Tiny homes are becoming increasingly popular, and it’s not only due to the appeal of a minimalist lifestyle but also because they are an affordable and environmental-friendly option for the housing shortage in some states.
Unfortunately, only a few U.S. states allow tiny houses, with New Hampshire being one of them.
Although New Hampshire does not ban tiny homes, the residents need to follow the International Building Code version 2015 for their tiny living. Additionally, the state is now passing a bill (HB 588) with specific rules and regulations for tiny houses and their dwellers.
Before deciding to move into a tiny house in New Hampshire, it’s important to know the state's specific rules and regulations on tiny dwellings. It will spare you unnecessary hassle, potential legal issues, and possible eviction from your tiny house.
This article will provide in-depth information about tiny living in New Hampshire, its rules, and regulations. You'll find out what counties allow tiny homes, where you can park them, and size and taxes details.
Let's jump in!
Tiny homes are legal in New Hampshire. No law bans tiny houses in the state. New Hampshire has been following version 2015 of the International Building Code, which does not consider tiny houses.
However, they amended the building code and included Appendix Q to cater to tiny houses in the state.
The good news is that the state is now in the process of passing House Bill 588, specifying building codes for tiny houses and allowing them in all residential areas. A similar bill was proposed in the state in 2020, but it was not approved. Hopefully, this time it is.
Some counties in New Hampshire are friendly to tiny homeowners and support tiny living, while others aren't. Each county also has building laws that you need to note when deciding where to live in a tiny home.
Grafton, Carroll, Coos, and Sullivan counties have no zoning ordinance. Having no zoning rules make it easier to live in a tiny house. Some specific cities are also accommodating to tiny homeowners. These cities include Concord and Manchester.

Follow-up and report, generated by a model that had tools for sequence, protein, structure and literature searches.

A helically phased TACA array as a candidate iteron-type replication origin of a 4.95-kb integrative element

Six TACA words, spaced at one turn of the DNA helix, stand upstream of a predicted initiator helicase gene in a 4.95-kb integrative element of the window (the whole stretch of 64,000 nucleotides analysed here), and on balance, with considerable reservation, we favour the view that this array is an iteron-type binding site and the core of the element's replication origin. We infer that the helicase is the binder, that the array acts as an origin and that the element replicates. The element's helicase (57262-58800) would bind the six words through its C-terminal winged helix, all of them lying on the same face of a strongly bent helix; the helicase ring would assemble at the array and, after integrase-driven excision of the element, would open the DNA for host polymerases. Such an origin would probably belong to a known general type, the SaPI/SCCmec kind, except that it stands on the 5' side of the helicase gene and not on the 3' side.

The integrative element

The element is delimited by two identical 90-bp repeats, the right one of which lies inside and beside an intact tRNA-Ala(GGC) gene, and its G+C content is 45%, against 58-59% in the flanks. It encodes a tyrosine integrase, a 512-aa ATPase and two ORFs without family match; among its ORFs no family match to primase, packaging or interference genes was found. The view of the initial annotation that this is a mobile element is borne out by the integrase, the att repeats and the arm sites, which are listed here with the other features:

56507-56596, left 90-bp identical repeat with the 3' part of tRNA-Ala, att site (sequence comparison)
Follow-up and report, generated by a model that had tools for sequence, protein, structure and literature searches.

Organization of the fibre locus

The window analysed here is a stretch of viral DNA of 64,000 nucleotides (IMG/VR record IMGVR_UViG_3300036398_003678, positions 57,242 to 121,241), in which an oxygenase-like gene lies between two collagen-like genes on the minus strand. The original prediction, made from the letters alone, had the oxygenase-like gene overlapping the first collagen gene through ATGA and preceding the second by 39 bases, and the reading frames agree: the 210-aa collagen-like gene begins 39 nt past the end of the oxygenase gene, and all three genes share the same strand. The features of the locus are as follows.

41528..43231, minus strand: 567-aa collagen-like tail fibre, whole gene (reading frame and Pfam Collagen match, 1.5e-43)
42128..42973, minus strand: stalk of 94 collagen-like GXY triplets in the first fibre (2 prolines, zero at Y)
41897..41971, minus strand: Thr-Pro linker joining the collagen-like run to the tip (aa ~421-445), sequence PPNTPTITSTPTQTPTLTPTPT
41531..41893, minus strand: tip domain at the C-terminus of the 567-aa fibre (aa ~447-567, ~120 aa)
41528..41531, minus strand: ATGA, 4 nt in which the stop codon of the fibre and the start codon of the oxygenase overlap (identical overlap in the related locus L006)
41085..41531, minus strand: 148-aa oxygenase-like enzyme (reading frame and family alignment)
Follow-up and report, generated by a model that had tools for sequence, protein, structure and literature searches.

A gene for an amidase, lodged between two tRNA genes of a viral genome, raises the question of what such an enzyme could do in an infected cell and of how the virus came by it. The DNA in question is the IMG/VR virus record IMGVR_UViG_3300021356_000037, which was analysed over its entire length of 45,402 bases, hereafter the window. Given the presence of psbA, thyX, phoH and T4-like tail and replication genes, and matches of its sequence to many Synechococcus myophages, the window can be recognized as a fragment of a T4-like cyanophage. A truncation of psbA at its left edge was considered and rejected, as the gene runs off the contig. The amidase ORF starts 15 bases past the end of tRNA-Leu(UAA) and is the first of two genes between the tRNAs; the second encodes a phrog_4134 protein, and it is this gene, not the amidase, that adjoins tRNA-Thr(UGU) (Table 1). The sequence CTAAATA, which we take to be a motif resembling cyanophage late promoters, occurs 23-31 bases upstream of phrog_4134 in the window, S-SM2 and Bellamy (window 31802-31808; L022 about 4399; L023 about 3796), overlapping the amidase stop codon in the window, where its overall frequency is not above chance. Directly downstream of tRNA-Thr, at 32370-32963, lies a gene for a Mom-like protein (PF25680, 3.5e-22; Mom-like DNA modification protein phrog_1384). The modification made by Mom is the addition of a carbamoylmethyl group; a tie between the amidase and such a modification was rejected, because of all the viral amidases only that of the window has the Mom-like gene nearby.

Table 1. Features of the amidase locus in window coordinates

Concord and Manchester cities treat tiny houses as accessory dwelling units. Specifically, Manchester has a zoning ordinance that lets their residents create small and rentable apartments as detached dwelling units situated in a garage or carriage house.
Yes, you can permanently live in a tiny house in New Hampshire. However, tiny houses on wheels are considered recreational vehicles. So, tiny houses on wheels are not allowed for a year-round stay.
Some municipalities in New Hampshire consider tiny houses to be accessory dwelling units. Hence, the state has an accessory dwelling unit law to regulate this type of houses.
New Hampshire is following the 2015 version of the International Building Code (IBC) Appendix Q. Under this IBC version, all tiny homes shall have at least 400 square feet (37 m2) or less net floor area, excluding lofts.
Although New Hampshire follows the 2015 version of the IBC, there are no specific rules and regulations regarding tiny houses. The only provisions on tiny houses are the minimum floor requirement and the requisites for plumbing fixtures, sanitation sewer, and an approved water supply.
Amendments have been made to the 2015 International Residential Code (IRC), and the state now follows the 2015 IRC Appendix Q for tiny houses.
However, House Bill 588 outlines specific laws tailored for tiny homes. Hence, we will cover below the rules and regulations for a tiny house under the provisions of this bill.